Selling Your Home: What’s Inside Counts

Any good Realtor will tell you that move-in ready homes are worth their weight in gold. No buyer wants to purchase a house, only to have to make repairs, paint, and replace ugly cabinets.

Investing in these projects now will make your home more appealing to potential buyers and create more pleasant selling experience. And, as a bonus, these easy repairs may help you command a higher price, too!

Freshening up your interior is an inexpensive DIY project and can make a world of difference as you try to sell your house.

Basic Repairs

The logical place to start is with basic repairs. The interior of your house needs to continue or improve upon the initial impression of the buyer. Fortunately there is a lot of interior painting that can be done and most of it very inexpensive if you do it yourself.

Basic repairs are the most obvious areas to start. No paint job willl look good if the wall or ceiling is visibly damaged. Drywall repairs are, for the most part, simple. Nail holes and small dings can be filled in with lightwight spackling paste. Use paintable caulking to repair cracked corners. Larger repairs will require more effort; read the how-to here.

Always remember to prime repaired areas before painting; drywall compound absorbs paint differently than drywall or a previously painted surface. Priming helps contribute to an invisible repair.

Appealing to the Masses

Most of the time, painting is a good way to express your personality. When the house is up for sale, though, it’s better to stick with neutrals that will go with most decorating schemes. You want your home to be as appealing as possible to as many buyers as possible. Even if a buyer decides to paint later, a move-in ready paint job will allow him to do it on his own schedule.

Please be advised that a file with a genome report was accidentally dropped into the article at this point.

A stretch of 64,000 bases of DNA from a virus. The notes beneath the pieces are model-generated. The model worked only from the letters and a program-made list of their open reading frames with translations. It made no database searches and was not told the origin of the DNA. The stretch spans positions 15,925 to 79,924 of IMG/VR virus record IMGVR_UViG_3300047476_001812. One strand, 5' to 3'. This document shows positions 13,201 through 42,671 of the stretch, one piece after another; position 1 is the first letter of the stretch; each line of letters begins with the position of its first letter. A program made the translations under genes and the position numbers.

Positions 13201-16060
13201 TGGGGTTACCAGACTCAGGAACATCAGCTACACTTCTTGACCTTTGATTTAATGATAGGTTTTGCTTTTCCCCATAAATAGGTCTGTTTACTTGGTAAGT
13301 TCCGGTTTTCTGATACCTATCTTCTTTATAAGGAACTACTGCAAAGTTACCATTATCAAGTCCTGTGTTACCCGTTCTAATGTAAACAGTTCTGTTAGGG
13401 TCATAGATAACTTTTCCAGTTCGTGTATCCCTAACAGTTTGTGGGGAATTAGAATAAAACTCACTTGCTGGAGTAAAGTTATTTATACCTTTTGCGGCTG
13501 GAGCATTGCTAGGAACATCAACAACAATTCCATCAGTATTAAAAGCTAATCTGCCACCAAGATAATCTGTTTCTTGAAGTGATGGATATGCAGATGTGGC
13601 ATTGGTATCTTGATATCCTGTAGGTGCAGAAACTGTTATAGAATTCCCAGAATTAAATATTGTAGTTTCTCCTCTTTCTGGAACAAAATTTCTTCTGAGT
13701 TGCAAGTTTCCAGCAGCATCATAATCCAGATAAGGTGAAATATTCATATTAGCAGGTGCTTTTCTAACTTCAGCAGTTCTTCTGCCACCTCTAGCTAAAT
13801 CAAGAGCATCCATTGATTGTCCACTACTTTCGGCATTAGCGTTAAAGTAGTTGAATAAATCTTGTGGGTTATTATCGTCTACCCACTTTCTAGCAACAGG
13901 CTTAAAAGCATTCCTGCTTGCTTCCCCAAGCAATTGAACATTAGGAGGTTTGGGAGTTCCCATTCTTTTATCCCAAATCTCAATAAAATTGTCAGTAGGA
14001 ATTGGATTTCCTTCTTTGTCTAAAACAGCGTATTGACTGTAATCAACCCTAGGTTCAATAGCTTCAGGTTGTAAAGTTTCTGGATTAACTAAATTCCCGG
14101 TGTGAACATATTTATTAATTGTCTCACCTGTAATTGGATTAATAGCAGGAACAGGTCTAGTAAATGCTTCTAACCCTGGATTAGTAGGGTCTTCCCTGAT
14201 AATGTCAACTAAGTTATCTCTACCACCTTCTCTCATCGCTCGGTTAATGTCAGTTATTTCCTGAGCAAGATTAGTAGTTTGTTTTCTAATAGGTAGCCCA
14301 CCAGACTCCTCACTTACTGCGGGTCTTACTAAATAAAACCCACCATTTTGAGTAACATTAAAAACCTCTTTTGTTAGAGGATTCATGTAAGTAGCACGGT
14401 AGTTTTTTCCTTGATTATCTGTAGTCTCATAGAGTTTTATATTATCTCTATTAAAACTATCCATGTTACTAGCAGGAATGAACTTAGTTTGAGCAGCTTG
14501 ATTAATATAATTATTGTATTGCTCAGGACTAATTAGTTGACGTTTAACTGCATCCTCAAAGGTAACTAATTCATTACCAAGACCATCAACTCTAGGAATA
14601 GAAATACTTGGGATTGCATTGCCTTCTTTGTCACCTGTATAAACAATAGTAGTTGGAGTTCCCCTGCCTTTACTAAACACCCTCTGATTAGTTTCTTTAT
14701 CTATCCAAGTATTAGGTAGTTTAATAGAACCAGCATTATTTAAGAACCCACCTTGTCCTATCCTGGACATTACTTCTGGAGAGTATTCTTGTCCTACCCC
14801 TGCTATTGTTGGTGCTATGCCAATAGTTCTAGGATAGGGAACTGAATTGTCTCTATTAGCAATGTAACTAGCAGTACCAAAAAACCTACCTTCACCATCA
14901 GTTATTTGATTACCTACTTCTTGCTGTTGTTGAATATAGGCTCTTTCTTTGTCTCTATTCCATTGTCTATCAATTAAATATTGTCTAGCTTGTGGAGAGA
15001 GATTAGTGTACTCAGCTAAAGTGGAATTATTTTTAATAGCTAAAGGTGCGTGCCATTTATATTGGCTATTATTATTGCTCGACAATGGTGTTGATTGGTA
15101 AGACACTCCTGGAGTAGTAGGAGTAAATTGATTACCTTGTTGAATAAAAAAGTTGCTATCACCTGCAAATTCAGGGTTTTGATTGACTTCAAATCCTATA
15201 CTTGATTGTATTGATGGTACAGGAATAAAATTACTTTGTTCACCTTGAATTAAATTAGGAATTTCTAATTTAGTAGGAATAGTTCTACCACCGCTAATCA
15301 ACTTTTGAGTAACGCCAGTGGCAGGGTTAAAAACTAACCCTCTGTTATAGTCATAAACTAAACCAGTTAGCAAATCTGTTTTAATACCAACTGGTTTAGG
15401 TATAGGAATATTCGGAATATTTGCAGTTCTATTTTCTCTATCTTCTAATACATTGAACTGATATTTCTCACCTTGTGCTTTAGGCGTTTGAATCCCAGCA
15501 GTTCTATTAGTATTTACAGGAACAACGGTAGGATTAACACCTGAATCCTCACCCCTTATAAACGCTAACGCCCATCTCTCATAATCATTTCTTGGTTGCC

Don’t:

  • Use eyecatching, unusual, or bright faux finishes.
  • Choose shocking colors for the doors or trim, no matter how much you like them.
  • Use glossy paint on the walls (it highlights imperfections).

Do:

  • Choose subtle colors like white, beige, tan, or soft gray.
  • Paint ceilings a lighter color than the walls. This creates the illusion of more height.
  • Choose a contrasting, but still neutral, color for the trim.
  • Use flat or satin paint in bedrooms and living rooms, and satin or semi-gloss finishes in kitchens, baths, and laundry areas.

Recommended:
The best paint colors from Sherwin Williams – “Paint Color Cheat Sheets” – A great short-cut to finding perfect paint colors that will help you sell your home.

Details, Details…

Windows, doors, and trim always take a beating; unless they were recently replaced, you’ll probably need to do some sanding, caulking, and refinishing. Stained wood can be brought back to life with a Danish oil finish; choose a color close to the original finish, but when in doubt, go slightly darker.

Mantles, built-ins, and other focal points should also be given some attention. Capitalize on dents and gouges to create a distressed finish. These textured surfaces are popular and, in a neutral color, will go well with almost any decorating style.

In the kitchen, give some serious thought to refinishing the cabinetry with some paint or fresh stain. An updated kitchen is high on most buyers’ lists, but a complete redo is expensive. New curtains, sparkling clean appliances, and new-looking cabinets are cheap ways to get the hub of the household looking it’s best.

There is more to interior home painting than the walls. As a FSBO seller you need to think about subtle changes that are inexpensive and will spark interest in your home. These ideas also apply to houses being sold through a real estate agent, not just the FSBO seller.

Choosing Interior Paint Colors

  • Neutral colors should be used. This includes off whites and tans.
  • No intense faux finishes. Keep everything subtle and simple.
  • Ceilings can be lighter than the walls. This will produce the illusion of taller walls.
  • Trim such as base, casing and doors can match the ceiling color or be lighter. These items need to contrast the walls.

 

Another consideration is the paint sheen used. In living areas, this includes bedrooms and the recroom, the ceilings should be flat and walls either flat or satin. In wet rooms, bath or laundry rooms, use satin or semi-gloss sheens. Keep the sheens subdued. Lower sheens will hide imperfections.


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